Space Shuttle O-ring Failure (continued) - CAstatistics

Statistical Thinking
Space Shuttle O-ring Failure
The night before the disaster, it was predicted that it would be a cold night
(30°F). Some NASA engineers advised against a launch because they thought
that O-ring failures were related to temperature. They studied data on O-ring
failures the night before and no discernable relationship was found between Oring failure and temperature.
Hogg-Ledoleter (1992), Applied Statistics for Engineers and Physical Scientist.
No discernable pattern between number of O-ring failures and temperature is
present. Based on this information it was decided to launch.
Space Shuttle O-ring Failure (continued)
What went wrong? Quite simply, the engineers did not look at all the
available data. If they had examined O-ring successes and failures the night
before, they would have seen this:
Hogg-Ledoleter (1992), Applied Statistics for Engineers and Physical Scientist.
The extra data added is of flights with no incidents or O-ring failures. While O-ring
failures did occur at different temperatures, there is a distinct increased probably of
failure at lower temperature, and note that 30°F is not even on this scale.
Old Faithful Geyser
Centers and Averages
Prison Data
We have a sample of 30 countries reporting the number of people in prison
per 100,000 of the population. (JMP Datafile)
The data is a SAMPLE from 2007 collected from King’s College, London.
Questions to Students
1. Which is the better measure of central tendency, mean or median?
2. What are the characteristic(s) of countries with high or low prison
population rates?
3. Would you rather have the country you live in to have a high or low
prison population rate? Justify your answer.
Natural Variability
When does data indicate ‘Natural Variability’ or a distinct trend?
Exercise - 'Dodgy Dice'
We know events such as rolling dice and flipping coins have outcomes within the rules of natural variability.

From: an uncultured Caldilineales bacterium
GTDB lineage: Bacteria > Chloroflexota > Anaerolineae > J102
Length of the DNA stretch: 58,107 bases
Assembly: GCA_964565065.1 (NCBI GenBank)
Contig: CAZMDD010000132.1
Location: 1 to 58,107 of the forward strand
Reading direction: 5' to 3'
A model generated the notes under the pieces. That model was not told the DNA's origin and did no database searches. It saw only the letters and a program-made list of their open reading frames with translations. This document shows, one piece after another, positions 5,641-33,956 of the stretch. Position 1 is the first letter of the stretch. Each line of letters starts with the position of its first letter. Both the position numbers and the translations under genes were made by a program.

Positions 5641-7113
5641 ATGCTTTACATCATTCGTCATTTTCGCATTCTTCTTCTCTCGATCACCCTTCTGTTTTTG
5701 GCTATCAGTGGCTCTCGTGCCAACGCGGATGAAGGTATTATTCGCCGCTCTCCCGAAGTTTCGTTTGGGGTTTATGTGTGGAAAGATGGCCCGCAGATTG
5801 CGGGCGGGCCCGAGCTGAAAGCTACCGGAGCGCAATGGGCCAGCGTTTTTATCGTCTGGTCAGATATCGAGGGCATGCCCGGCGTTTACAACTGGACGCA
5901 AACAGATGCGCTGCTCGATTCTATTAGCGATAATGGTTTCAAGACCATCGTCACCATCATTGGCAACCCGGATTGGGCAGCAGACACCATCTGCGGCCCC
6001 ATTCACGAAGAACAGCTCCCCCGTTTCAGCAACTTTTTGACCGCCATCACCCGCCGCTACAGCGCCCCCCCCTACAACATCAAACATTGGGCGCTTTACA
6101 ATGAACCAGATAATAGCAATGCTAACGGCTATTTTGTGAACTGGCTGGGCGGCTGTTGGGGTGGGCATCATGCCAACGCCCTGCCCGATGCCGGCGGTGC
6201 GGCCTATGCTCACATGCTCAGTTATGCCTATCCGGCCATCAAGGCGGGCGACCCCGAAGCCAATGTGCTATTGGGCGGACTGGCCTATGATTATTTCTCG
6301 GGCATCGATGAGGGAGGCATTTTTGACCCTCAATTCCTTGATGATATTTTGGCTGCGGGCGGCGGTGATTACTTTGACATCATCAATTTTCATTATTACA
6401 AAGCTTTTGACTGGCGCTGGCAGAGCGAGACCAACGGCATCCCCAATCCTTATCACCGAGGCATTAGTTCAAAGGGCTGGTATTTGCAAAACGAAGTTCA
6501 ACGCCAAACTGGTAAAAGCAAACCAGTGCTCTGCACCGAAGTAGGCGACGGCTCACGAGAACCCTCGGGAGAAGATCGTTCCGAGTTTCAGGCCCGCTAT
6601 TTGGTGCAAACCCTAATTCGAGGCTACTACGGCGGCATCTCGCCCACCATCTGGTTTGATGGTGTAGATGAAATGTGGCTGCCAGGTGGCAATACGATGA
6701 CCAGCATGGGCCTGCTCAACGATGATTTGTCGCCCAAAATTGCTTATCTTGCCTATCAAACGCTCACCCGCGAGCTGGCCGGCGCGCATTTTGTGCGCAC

Dice and coins have been used for gambling for thousands of years. Once in a while, a 'loaded' or 'dodgy' coin
or dice is used. This item is biased such that it does not have an expected value that a 'fair' item would. For
example, a biased coin might have the proportion of expected heads to be greater than 0.5 or a die might have
the expected roll of getting a '6' to be greater than 1 in 6. This gives someone an unfair advantage. The dataset
below the results from 50 rolls or flips of coins or dice.
What you need to determine is if the results indicate 'natural variation' or something 'dodgy'.
Column 1: 50 flips of a coin. A head is indicated with a '1', a tail with a '0'.
Column 2: 50 rolls of a die. The score is recorded.
Column 3: 50 rolls of two die. The total score is recorded.
Column 4: 50 rolls of a die. A '6' is indicated with a '1', a everything else with a '0'.
How do you make a decision whether the die or coins are biased?
NOTE: This stage students have covered Normal, Binomial, Uniform and Skewed distributions
Natural Variability – Exercise D
How do you make a decision whether the die or coins are biased?
Students are often divided on which ones are dodgy and which are fair. The simple
conclusion is that it can be difficult to determine. However, using statistical techniques we
can measure accurately which results are very unlikely once we take into account Natural
Variability (i.e. Randomness)
Implications for Teaching
(From Thinking and Reasoning Data and Chance, NCTM, 2006)
• Include ‘variability’ as a central issue.
– Explore ‘Natural Variability’
• Explore understanding of ‘center’
– What do we mean by ‘average’?
• Make connections between sample and populations.
– Understand the variability of a sample and how this effects Sampling Distributions

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